The Board of Education’s annual operating budget makes up more than 70% of the town’s total budget. Budget planning is primarily guided by the actual work and vision of the district, including the strategic plan and instructional agenda.
The formal process to develop, review, and finalize this budget spans more than 8 months of every year, from initial discussions in September through public hearings in March and April, to a final referendum in May for a full town vote. Throughout this process there are many opportunities for the public to learn more about how we arrive at this budget and to ask questions, all with the goal of transparency, clarity, and an understanding of where, how and why this money is being spent.
The process for the 2019-2020 operating budget officially began in September with administrators meeting to discuss budget needs for the following year, and developing a budget timeline, or calendar. This year’s budget calendar was adopted by the Board of Education (BOE) Finance Committee on October 23, 2018.
An important part of the planning process is the adoption of the Budget Assumptions created by the administration that identifies budget priorities prior to the final development of the actual budget recommendation. This guiding document allows everyone in our community to review the budget priorities before the BOE begins deliberation. The BOE discussed and reviewed these assumptions during public board meetings held in October and November, and formally adopted them on December 4, 2018.
Following the adoption of the Budget Assumptions, each district administrator is responsible for their local budget recommendation. For example, Mr. Salutari, DHHS Principal, submits the budget for the high school, and Dr. Battaglia, Director of Special Education, submits the budget for the special education program. Once these “local” budgets are proposed, the central office administrators organize all this information and convene a budget retreat during the month of December to determine their final budget recommendation. Administrators then reviewed this budget with the BOE Finance Committee during their public committee meetings on December 12 and 18, 2018.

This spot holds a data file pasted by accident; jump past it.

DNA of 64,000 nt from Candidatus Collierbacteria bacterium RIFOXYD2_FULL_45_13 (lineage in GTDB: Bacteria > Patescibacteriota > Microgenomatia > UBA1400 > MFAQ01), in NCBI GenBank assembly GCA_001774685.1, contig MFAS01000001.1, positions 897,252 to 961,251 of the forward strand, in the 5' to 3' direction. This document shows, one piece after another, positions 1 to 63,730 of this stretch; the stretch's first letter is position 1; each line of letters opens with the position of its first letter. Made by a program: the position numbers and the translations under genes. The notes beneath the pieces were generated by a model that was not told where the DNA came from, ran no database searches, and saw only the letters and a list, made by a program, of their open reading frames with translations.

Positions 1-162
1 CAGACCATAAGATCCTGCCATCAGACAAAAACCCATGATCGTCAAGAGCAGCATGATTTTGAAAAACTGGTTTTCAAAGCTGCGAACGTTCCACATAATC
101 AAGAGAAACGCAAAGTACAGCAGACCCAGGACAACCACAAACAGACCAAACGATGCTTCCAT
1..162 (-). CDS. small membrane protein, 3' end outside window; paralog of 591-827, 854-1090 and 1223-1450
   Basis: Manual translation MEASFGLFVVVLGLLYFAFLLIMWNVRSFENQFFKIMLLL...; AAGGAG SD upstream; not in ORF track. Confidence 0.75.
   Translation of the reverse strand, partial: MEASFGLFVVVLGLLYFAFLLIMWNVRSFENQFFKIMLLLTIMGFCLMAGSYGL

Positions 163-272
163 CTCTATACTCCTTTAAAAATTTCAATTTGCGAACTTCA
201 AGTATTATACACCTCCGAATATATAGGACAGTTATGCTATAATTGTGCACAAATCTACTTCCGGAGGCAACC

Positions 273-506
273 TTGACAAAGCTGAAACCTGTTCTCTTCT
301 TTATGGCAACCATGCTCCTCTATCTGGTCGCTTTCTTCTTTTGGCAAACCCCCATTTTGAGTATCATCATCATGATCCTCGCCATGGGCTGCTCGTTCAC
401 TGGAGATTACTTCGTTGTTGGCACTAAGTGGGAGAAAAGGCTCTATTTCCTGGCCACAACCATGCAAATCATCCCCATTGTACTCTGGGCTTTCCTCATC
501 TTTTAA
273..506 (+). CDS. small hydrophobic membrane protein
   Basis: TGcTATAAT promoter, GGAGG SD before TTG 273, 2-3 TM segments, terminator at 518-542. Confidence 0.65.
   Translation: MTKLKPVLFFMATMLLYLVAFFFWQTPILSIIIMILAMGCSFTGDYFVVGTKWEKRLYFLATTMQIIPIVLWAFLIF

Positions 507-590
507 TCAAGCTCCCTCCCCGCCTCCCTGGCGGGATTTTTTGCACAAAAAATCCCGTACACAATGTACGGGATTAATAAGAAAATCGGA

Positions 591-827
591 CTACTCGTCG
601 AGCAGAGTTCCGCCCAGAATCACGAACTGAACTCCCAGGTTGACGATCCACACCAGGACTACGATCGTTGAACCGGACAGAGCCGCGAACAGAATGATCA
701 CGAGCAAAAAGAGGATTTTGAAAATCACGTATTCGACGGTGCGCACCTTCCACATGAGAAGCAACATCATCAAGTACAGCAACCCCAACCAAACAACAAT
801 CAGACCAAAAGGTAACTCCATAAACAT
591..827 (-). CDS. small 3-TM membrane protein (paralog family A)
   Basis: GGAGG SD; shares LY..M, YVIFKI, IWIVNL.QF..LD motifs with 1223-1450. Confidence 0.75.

Enrollment projections are another important factor in the budget planning process since BOE class size policy impacts the numbers of teachers needed. Birth rates from five years prior provide a base for projecting kindergarten enrollment, and for grades 1-12 we roll up the actual student numbers from the current year and include any new students into our schools over the summer.
The two most volatile areas in the budget are health care for employees and special education for students. Health care totals over 15% of the total budget, and since we are self-insured, our costs are almost exclusively based on the number and cost of actual claims. In past years we have seen significant fluctuations in health care costs, ranging from a 20% increase over one year, and then a flat budget last year. The district does have a “stop loss” policy, and a reserve fund with the town is maintained per Board of Finance regulation to protect from extreme claims. The special education budget is responsive to the needs of our most at-risk and disabled learners. As a result, based on frequent changes in student need, funds within the special education budget can fluctuate widely, posing challenges to financial planning. The special education budget accounts for nearly 20% of the overall Board of Education comprehensive budget.
Please visit the Board of Education website for more information on the budget and these upcoming public meetings:
- January 2 and January 8, 2019: Public budget workshops
- January 8 and January 22, 2019: BOE Budget Discussion and Vote
- February 5 and February 20, 2019: Approved BOE Budget goes to Boards of Selectmen and Finance
- March 6 and April 10, 2019: Final public budget hearings
- May 14, 2019: Town referendum